Purpose: To evaluate the potential of hyperpolarized [1-13C]-pyruvate magnetic resonance spectroscopic imaging (MRSI) of prostate cancer as a predictive biomarker for targeting the Warburg effect.Experimental Design: Two human prostate cancer cell lines (DU145 and PC3) were grown as xenografts. The conversion of pyruvate to lactate in xenografts was measured with hyperpolarized [1-13C]-pyruvate MRSI after systemic delivery of [1-13C] pyruvic acid. Steady-state metabolomic analysis of xenograft tumors was performed with mass spectrometry and steady-state lactate concentrations were measured with proton (1H) MRS. Perfusion and oxygenation of xenografts were measured with electron paramagnetic resonance (EPR) imaging with OX063. Tumor growth was assessed after lactate dehydrogenase (LDH) inhibition with FX-11 (42 μg/mouse/day for 5 days × 2 weekly cycles). Lactate production, pyruvate uptake, extracellular acidification rates, and oxygen consumption of the prostate cancer cell lines were analyzed in vitro LDH activity was assessed in tumor homogenates.Results: DU145 tumors demonstrated an enhanced conversion of pyruvate to lactate with hyperpolarized [1-13C]-pyruvate MRSI compared with PC3 and a corresponding greater sensitivity to LDH inhibition. No difference was observed between PC3 and DU145 xenografts in steady-state measures of pyruvate fermentation, oxygenation, or perfusion. The two cell lines exhibited similar sensitivity to FX-11 in vitro LDH activity correlated to FX-11 sensitivity.Conclusions: Hyperpolarized [1-13C]-pyruvate MRSI of prostate cancer predicts efficacy of targeting the Warburg effect. Clin Cancer Res; 24(13); 3137-48. ©2018 AACR.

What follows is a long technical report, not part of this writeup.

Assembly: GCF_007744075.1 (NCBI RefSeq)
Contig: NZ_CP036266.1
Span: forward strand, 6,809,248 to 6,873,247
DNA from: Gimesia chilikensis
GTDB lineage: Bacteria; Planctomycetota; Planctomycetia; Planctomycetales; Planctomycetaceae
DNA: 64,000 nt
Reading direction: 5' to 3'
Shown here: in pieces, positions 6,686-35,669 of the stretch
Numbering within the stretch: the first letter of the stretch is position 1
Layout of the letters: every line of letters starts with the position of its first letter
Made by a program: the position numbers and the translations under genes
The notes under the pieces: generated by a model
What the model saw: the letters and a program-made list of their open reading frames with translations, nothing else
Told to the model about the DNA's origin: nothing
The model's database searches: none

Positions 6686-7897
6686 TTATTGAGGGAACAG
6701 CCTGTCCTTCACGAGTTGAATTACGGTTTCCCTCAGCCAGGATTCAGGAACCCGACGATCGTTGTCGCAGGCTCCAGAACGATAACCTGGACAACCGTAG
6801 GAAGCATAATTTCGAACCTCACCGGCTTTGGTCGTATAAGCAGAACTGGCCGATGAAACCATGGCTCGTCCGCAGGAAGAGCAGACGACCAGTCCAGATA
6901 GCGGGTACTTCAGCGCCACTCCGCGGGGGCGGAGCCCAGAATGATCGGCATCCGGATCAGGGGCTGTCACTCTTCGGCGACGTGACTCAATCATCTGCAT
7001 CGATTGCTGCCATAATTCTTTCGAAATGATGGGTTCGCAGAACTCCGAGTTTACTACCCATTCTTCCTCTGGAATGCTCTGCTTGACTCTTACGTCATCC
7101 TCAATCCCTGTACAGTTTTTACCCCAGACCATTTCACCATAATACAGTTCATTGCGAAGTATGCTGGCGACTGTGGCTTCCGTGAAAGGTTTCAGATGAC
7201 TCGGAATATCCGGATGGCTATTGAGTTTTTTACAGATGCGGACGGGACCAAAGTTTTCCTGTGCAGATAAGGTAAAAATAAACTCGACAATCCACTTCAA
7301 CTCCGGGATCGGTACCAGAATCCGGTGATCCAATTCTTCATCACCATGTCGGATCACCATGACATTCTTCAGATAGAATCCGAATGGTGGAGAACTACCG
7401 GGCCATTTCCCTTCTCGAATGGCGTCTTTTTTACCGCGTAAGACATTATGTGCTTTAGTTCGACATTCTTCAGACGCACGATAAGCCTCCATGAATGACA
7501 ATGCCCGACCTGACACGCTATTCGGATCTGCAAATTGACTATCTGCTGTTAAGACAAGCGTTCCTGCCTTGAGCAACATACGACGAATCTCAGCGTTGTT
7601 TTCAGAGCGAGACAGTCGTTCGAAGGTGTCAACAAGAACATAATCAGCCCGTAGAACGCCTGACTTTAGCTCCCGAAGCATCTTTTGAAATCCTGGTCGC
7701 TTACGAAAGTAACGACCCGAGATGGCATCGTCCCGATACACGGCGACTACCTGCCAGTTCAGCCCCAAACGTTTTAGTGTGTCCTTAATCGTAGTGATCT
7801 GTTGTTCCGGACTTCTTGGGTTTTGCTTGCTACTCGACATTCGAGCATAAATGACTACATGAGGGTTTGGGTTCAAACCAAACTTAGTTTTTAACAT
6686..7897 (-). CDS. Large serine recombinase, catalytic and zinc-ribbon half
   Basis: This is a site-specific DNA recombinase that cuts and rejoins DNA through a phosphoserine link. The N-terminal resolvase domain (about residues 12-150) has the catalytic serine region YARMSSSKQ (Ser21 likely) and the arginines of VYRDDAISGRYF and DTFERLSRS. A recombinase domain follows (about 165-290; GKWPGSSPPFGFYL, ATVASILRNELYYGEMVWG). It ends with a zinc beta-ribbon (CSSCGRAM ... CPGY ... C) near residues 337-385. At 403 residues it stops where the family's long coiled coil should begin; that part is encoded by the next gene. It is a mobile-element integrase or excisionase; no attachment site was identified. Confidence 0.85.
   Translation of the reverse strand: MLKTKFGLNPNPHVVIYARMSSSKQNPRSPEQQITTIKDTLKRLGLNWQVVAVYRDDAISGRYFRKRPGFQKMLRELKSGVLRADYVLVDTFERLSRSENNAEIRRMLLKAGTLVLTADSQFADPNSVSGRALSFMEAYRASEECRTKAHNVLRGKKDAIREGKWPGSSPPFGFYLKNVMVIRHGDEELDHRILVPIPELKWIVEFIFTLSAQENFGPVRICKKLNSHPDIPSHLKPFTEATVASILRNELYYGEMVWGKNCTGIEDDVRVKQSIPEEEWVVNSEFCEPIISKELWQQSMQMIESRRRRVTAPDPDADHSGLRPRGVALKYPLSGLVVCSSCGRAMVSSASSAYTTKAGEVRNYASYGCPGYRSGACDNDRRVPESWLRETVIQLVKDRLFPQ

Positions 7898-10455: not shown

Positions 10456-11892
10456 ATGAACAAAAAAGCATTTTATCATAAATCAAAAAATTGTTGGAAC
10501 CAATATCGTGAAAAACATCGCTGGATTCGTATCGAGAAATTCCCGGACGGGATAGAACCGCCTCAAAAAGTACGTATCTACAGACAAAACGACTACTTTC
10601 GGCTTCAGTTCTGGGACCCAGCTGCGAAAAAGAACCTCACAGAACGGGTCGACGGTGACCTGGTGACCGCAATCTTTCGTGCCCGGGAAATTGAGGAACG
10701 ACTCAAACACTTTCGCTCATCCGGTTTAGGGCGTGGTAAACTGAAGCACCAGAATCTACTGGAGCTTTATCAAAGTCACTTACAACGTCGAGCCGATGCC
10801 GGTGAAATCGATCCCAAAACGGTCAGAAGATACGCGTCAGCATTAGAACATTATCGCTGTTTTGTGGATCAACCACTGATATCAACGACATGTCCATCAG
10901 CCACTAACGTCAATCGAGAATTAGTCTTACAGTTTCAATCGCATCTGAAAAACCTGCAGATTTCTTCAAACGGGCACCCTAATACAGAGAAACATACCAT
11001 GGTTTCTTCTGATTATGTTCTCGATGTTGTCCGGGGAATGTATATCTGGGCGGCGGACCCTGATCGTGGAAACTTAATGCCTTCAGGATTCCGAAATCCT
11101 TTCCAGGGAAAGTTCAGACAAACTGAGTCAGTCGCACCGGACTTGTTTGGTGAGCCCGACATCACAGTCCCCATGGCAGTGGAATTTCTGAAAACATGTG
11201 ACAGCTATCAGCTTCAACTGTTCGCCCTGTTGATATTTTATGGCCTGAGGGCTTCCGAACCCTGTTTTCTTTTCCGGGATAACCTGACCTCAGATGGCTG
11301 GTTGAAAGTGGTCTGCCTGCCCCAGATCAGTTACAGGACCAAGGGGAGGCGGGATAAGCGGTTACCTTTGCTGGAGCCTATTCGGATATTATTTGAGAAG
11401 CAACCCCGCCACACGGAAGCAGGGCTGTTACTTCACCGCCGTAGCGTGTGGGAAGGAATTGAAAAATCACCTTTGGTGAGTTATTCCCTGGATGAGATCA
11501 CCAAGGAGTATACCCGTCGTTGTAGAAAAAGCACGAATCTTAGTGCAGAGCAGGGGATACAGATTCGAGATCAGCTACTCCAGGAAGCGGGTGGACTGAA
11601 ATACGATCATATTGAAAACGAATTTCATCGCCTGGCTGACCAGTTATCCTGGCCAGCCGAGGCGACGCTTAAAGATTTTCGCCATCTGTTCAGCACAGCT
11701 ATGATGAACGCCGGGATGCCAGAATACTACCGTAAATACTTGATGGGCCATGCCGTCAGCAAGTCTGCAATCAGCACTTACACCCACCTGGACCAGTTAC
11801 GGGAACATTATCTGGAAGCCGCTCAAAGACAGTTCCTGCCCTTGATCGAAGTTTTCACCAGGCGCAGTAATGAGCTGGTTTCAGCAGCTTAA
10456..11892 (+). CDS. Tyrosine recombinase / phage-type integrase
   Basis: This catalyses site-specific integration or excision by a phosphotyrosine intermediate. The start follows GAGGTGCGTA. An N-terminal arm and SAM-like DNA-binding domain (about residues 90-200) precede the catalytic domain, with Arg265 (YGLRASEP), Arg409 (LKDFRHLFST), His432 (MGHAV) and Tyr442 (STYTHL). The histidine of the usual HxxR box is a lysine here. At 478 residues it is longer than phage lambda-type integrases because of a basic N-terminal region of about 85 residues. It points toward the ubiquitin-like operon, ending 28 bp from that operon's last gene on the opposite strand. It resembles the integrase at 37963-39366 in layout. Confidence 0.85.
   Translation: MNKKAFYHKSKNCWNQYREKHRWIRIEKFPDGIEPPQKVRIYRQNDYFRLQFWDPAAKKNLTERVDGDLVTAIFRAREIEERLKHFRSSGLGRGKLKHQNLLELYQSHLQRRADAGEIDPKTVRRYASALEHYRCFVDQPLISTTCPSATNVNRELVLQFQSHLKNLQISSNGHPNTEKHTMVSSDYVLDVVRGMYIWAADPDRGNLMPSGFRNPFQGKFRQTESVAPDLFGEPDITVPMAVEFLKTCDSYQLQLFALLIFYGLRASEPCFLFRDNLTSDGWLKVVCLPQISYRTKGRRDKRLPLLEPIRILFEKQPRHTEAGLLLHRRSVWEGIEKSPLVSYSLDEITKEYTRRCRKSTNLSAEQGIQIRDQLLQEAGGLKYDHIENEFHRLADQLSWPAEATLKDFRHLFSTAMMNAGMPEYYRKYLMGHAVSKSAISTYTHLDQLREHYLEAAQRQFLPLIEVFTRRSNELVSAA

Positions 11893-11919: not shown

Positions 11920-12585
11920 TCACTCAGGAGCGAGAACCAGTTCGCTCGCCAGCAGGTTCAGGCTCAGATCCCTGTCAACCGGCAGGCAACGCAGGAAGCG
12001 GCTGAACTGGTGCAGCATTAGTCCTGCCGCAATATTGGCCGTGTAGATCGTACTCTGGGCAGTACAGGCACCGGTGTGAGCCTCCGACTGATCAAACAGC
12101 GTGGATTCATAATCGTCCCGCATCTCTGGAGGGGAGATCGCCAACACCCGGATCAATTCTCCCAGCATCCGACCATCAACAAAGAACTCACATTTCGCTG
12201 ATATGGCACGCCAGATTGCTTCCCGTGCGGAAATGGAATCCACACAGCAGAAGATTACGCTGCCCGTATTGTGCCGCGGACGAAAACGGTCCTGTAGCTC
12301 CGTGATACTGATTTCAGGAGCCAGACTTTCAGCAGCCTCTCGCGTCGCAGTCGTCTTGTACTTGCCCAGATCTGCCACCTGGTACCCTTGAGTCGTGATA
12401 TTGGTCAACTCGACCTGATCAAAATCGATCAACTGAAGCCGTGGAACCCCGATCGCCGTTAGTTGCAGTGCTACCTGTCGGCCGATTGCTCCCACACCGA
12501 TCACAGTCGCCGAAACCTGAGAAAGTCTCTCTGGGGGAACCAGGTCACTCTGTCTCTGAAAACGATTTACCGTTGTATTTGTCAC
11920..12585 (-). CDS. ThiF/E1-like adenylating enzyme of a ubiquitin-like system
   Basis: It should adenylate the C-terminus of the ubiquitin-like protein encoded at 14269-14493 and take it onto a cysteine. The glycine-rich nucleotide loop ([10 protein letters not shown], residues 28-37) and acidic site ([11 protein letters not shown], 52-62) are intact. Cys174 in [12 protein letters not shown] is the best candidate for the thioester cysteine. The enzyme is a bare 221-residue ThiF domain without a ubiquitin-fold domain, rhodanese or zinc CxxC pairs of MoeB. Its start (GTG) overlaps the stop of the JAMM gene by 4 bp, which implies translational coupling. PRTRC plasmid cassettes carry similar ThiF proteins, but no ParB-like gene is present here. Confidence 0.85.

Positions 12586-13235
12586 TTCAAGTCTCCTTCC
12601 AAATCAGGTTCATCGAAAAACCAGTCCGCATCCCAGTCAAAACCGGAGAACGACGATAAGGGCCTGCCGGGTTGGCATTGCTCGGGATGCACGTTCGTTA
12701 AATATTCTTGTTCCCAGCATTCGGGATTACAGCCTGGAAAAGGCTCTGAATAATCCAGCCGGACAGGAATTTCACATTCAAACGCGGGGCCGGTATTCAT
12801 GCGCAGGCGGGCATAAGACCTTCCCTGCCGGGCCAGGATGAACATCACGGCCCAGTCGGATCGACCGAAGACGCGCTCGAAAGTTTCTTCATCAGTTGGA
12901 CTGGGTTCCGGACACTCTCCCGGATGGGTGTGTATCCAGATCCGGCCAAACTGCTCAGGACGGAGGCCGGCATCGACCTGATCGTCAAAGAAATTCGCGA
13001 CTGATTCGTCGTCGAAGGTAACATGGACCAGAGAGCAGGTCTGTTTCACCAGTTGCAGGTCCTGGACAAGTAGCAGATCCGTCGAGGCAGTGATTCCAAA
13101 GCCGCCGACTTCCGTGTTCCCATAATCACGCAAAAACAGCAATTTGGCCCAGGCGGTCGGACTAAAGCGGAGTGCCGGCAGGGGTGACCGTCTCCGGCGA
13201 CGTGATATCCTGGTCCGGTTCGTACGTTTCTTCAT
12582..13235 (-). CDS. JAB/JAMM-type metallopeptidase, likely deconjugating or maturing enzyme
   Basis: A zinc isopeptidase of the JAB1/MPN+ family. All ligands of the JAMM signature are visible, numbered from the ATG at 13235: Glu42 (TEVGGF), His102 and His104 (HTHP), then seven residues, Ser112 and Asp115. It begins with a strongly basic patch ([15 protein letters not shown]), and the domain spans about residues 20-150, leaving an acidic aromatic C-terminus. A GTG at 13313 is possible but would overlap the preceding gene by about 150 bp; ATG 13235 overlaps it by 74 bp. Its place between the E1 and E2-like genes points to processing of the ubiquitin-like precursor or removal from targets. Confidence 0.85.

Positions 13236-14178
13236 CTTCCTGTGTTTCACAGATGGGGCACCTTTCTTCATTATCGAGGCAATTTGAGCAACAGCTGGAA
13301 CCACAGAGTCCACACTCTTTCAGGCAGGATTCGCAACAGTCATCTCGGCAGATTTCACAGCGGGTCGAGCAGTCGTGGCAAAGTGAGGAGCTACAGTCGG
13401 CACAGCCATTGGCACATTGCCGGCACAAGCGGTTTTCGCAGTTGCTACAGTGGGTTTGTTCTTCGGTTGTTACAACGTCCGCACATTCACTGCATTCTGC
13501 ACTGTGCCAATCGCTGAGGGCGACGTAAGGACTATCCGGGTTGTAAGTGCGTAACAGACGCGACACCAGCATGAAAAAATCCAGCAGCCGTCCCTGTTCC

©2018 American Association for Cancer Research.